A metal mesh‑screen pop filter and a semi-rigid woven carrying case that also contains three types of cable: micro-USB to USB-C, micro-USB to USB-A, and micro-USB to Apple Lightning connector. 

The mic offers plug-and-play operation with iOS (version 9 or later), Mac OS and Windows, and is fully compatible with Core Audio on the Mac OS platform, meaning that no additional drivers are necessary.

The Blend button on the front face of the mic allows you to adjust mix levels, shifting in various degrees from more mic signal to more playback signal from your recording software. 

The status LEDs become level indicators when adjusting gain—they flash red when the signal peaks. 

Adjusting the gain is as simple as turning the knob on the front face of the mic.

This one of the best usb microphones for rapping offers three settings for the HypeMic’s compressor: there’s the minimal option, which leaves your sound mostly untouched, there’s the podcasting-recommended medium, and then there’s the broadcast-like max compression, which makes everything sound loud and in your face.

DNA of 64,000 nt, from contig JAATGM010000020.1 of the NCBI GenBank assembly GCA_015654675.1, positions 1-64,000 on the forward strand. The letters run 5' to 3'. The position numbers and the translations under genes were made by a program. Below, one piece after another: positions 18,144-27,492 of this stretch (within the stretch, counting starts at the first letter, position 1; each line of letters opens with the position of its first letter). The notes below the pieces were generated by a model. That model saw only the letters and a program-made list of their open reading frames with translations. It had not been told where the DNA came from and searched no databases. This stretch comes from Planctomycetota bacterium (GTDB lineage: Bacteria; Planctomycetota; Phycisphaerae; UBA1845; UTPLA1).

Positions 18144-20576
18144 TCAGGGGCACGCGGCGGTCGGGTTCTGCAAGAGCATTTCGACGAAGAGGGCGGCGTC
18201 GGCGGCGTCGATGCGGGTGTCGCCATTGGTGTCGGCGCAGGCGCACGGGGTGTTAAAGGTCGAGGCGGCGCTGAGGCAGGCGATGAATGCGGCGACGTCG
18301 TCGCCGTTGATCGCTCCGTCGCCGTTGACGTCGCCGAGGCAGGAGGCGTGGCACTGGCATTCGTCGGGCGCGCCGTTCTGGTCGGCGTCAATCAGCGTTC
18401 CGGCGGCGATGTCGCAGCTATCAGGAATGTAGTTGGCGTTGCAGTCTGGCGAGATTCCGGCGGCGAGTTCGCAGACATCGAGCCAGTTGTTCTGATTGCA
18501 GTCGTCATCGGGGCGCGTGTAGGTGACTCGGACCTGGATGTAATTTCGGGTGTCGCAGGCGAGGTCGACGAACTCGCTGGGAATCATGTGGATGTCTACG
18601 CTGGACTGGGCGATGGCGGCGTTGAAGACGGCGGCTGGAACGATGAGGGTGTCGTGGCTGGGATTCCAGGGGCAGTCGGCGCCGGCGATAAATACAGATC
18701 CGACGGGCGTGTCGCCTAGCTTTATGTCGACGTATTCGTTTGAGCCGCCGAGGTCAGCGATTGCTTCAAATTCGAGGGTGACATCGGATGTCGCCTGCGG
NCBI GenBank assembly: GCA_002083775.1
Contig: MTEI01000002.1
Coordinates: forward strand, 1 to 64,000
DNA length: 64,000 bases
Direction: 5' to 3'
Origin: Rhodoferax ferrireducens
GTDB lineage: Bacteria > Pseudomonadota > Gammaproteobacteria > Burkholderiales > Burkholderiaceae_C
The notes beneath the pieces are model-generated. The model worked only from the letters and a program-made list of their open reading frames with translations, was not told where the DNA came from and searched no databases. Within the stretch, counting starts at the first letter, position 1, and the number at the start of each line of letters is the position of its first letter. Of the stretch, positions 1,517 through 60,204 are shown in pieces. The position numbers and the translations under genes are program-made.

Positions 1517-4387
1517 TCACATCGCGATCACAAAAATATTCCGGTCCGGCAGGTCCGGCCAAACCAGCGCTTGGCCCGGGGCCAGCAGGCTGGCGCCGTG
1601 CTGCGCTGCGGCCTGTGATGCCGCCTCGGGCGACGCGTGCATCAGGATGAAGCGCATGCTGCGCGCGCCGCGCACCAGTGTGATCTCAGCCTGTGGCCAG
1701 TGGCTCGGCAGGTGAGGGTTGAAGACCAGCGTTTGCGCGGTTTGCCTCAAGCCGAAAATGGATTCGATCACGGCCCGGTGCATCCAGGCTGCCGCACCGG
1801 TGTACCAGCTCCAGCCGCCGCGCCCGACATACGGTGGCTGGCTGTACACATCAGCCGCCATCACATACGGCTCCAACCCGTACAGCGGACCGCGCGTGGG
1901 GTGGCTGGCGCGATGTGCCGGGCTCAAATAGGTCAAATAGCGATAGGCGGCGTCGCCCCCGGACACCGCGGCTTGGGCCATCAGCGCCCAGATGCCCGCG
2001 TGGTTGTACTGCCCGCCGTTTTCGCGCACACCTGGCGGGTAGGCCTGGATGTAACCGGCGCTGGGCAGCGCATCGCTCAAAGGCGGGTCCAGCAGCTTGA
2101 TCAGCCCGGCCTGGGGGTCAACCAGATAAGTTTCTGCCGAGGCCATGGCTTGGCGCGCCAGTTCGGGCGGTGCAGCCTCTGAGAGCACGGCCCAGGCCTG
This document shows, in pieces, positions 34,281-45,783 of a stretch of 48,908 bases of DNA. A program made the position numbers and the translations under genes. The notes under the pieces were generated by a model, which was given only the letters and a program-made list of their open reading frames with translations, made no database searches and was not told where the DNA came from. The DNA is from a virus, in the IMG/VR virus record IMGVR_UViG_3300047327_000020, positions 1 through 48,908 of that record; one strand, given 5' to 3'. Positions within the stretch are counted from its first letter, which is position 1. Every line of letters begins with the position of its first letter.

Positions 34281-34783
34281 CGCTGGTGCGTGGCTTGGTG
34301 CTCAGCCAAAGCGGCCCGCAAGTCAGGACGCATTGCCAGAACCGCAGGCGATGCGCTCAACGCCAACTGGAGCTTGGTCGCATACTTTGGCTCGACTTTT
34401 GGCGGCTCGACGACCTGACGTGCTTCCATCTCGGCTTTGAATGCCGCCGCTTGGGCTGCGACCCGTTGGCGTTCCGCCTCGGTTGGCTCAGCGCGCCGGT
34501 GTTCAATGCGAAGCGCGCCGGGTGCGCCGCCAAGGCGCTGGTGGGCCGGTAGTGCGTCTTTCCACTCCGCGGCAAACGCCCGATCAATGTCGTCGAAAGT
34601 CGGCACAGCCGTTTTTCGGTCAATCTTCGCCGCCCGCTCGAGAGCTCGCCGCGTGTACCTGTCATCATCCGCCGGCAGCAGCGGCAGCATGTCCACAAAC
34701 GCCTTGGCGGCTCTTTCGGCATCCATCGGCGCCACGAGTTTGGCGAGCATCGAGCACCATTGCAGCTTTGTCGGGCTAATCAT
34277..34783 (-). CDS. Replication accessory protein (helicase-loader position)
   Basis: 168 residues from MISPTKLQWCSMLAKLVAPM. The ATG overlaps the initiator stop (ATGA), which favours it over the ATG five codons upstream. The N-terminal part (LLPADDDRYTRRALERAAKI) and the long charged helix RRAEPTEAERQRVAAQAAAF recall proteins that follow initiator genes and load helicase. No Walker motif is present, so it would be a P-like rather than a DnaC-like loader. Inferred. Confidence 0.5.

A push switch within the rotary mic gain control selects the compression mode, and another push switch below the LED display adjusts the source monitoring balance in five steps, making it possible to set up zero-latency headphone monitoring of whatever is being recorded with the microphone. 

You just have to remember to turn down DAW software monitoring for the track you are recording to avoid hearing the slightly delayed version at the same time as the zero latency version.

Pros:
  • Outstanding combination of sound quality and portability
  • Built-in analog compressor
  • Simple, intuitive controls
  • Zero-latency audio monitoring
Cons:
  • Compression
  • Price

6. Rode NT-USB